CRT-D fitted

Hi all, here's my story.  In September last year, at 47yrs, I found out that my GPs diagnosis of Asthma 7 years ago was in fact heart failure!  I had an EF of 20% (most likely cause was a virus) and no other heart/valve problems but lets face it thats enough!!  I had a Boston Scientific CRT-D fitted on December 18 and my EF with the help of meds had gone to 32%.  I thought I would bounce back after the operation much quicker than I have.  I am able to do more as each week goes by but by that I mean the basics of getting through the day with kids, housework (I'm a neat freak!) and even manage to stay up until 11pm some nights!  Sometimes in the late afternoon I get a 'flutter'.  I actually thought that the pacemaker would solve all problems overnight and I would be a bionic, functioning mum.  When I went for my post op check I mentioned looking up on the internet my EF function with a pacemaker/defib and wondered what next.  It didnt look good with studies showing that only 50% live longer than a year.  I was wondering if anyone out there has a more positive spin on the same problem.  The clinic nurse didnt really give an answer.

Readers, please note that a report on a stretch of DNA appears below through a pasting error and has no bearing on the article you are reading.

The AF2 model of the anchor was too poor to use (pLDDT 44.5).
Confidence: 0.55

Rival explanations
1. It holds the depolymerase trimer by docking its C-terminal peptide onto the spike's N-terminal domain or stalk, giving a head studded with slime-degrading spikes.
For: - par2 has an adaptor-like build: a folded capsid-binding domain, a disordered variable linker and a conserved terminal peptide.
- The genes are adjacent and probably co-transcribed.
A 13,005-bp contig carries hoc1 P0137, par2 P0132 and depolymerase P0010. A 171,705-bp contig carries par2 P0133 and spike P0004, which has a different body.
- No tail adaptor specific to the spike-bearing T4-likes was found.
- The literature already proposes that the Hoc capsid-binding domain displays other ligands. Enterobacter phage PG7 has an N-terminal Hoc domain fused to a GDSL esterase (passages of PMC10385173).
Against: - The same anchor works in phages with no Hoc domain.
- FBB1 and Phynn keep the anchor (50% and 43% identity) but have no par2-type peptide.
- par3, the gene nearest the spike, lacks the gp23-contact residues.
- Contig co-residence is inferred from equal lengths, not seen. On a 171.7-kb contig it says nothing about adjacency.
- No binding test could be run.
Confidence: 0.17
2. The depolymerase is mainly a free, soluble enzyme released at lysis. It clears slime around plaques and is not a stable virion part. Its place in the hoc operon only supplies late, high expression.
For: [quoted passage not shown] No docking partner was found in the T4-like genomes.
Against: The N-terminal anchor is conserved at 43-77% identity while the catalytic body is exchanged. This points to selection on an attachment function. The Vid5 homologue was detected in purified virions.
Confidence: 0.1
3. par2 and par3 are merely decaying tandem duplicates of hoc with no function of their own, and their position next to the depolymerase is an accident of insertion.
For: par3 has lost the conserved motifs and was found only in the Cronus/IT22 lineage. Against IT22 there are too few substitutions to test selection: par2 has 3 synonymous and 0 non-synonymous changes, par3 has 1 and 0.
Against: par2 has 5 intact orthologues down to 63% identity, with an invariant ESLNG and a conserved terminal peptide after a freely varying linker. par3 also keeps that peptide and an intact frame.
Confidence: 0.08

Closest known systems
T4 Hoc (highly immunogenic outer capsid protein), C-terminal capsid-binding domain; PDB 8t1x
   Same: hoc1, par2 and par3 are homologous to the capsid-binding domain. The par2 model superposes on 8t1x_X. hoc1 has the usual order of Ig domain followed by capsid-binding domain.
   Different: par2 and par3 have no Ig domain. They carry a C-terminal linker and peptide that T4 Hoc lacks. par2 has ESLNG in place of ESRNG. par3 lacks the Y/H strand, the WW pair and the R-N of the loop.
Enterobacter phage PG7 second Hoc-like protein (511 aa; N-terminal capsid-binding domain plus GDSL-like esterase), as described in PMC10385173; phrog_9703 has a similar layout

Thank you in advance.


2 Comments

Thank you Robin1

by Dee Dee - 2019-01-30 14:04:50

Thank you, it has helped a lot to read that.  It is reassuring and I will look for every improvement as you did. 

OUTLOOK

by Gary L - 2019-02-01 12:46:12

I have a similar story; and believe me, if you have a good relationship with your Doctor, and your daily life is close to normal, there is no reason to believe that you won't continue to live a very productive and satifying life for a long, long time. Be positive, have faith.

You know you're wired when...

Your pacemaker interferes with your electronic scale.

Member Quotes

I have a well tuned pacer. I hardly know I have it. I am 76 year old, hike and camp alone in the desert. I have more energy than I have had in a long time. The only problem is my wife wants to have a knob installed so she can turn the pacer down.